In any field there are instruments, and then there are the little additions that make the intruments do those extra little functions and therefore add value to them. This section is dedicated to those little additions that no-one else will have, because you had to build them yourself!
But before we continue, there is one thing I have found absolutely vital to making life easier....
Daft statement? Not really. Although the 4mm Shrouded Banana Plug is making more and more inroads into the mains and HV test market, there are still many instruments that do not use this system. Ok, it's not perfect, although it is better than most - and it's reasonably cross-compatible with older instruments.
What does become important is to create a test lead system whereby fewer leads need to be carried to site to accomplish the task at hand. How convenient it becomes when the test leads, which were plugged into e.g. the multimeter, are simply transfered to the voltage recorder.
My personal favourite is the 4mm 'shrouded' range for anything that can bite (50V and up) or has the ability to move plenty electrons in an incredibly short space of time (or damaged when asked to move too many electrons in one go). Effectively 4mm means 'voltage'.
For passive circuits, such as current clamps, I like using BNC connectors. These are usually found on low voltage instruments such as oscilloscopes so having a connector that fits directly in makes for simple operation. Yes, there are a few 4mm-BNC convertors in the bag.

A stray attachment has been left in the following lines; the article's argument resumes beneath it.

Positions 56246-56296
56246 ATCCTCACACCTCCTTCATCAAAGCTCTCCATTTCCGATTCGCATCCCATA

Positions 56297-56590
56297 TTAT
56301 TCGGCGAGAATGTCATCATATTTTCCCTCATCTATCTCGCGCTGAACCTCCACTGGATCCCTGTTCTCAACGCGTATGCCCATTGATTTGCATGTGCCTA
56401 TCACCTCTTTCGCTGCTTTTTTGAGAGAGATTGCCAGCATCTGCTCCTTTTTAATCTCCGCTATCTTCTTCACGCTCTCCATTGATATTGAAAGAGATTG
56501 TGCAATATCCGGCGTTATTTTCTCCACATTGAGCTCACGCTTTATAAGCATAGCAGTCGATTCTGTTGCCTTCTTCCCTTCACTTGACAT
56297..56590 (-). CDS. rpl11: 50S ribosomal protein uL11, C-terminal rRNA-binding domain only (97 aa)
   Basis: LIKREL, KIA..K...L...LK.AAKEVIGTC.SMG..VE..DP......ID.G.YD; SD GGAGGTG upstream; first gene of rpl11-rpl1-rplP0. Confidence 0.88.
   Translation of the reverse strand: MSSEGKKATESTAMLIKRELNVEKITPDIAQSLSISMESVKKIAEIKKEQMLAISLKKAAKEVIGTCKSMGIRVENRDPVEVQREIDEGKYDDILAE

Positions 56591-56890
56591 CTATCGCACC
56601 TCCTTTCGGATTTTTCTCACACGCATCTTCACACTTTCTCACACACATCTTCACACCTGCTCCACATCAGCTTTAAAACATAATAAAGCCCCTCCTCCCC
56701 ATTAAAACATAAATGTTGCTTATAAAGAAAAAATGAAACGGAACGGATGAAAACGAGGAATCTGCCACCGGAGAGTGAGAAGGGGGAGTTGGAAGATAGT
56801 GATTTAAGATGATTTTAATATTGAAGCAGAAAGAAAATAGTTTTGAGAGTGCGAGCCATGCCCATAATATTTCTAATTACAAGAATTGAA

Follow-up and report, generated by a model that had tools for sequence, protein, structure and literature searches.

If you are going to follow suite then please use shrouded types to remove the potential danger of touching high voltage circuits with the BNC casings. Also use a good quality, high grade coax that is both flexible and has a decent outer sheath so as to minimise any potential flash-over at the voltages you're likely to work at.
For potentially dangerous areas there are a few short pieces of double shielded coax lengths in the bag. These had to be home made and were created from lengths of RG58 housed inside the sheaths of RG59.
Finally, there is one thing that can drive me nuts! All equipment should be fitted with what must now be the most common power connector found nowadays - the IEC320 (as found on almost all personal computers and peripherals). What I really think is so cool about this connector is if I should forget the power lead for an instrument, then I simply have to whip into the nearest store carrying anything close to electrical bits and pieces and I will be able to buy a replacement. Also, if having to quickly cross the pond to another country, I can again simply ask for a computer power cable and the equipement is up and running.
Another heading for this is "making double adapters". It may appear as a waste of space but, believe me, many calls have been taken where an engineer has been stumped into not being able to do a measurement by not having a facility to split the test points.
There are usually two scenarios that call for such 'double adapters'. The first is a single test point needing to be connected to two inputs such as delta connections. The next is a similar requirement but where a single test point needs to be fed to two completely separate instruments (such as a current clamp into a recorder and an oscilloscope).
One last requirement (one that must be approached with caution) is wanting to power an instrument from the voltage under test. Being able to split the test point allows for far safer testing.
And finally; I cannot stress enough how vital it is, should you be building your own testing aids, to build with safety in mind and thus do a proper job from the outset. I have seen the most hideous "test bits", obviously built in a hurry with that all familiar "I'll get round to making a proper job of it later" approach - but it never gets there!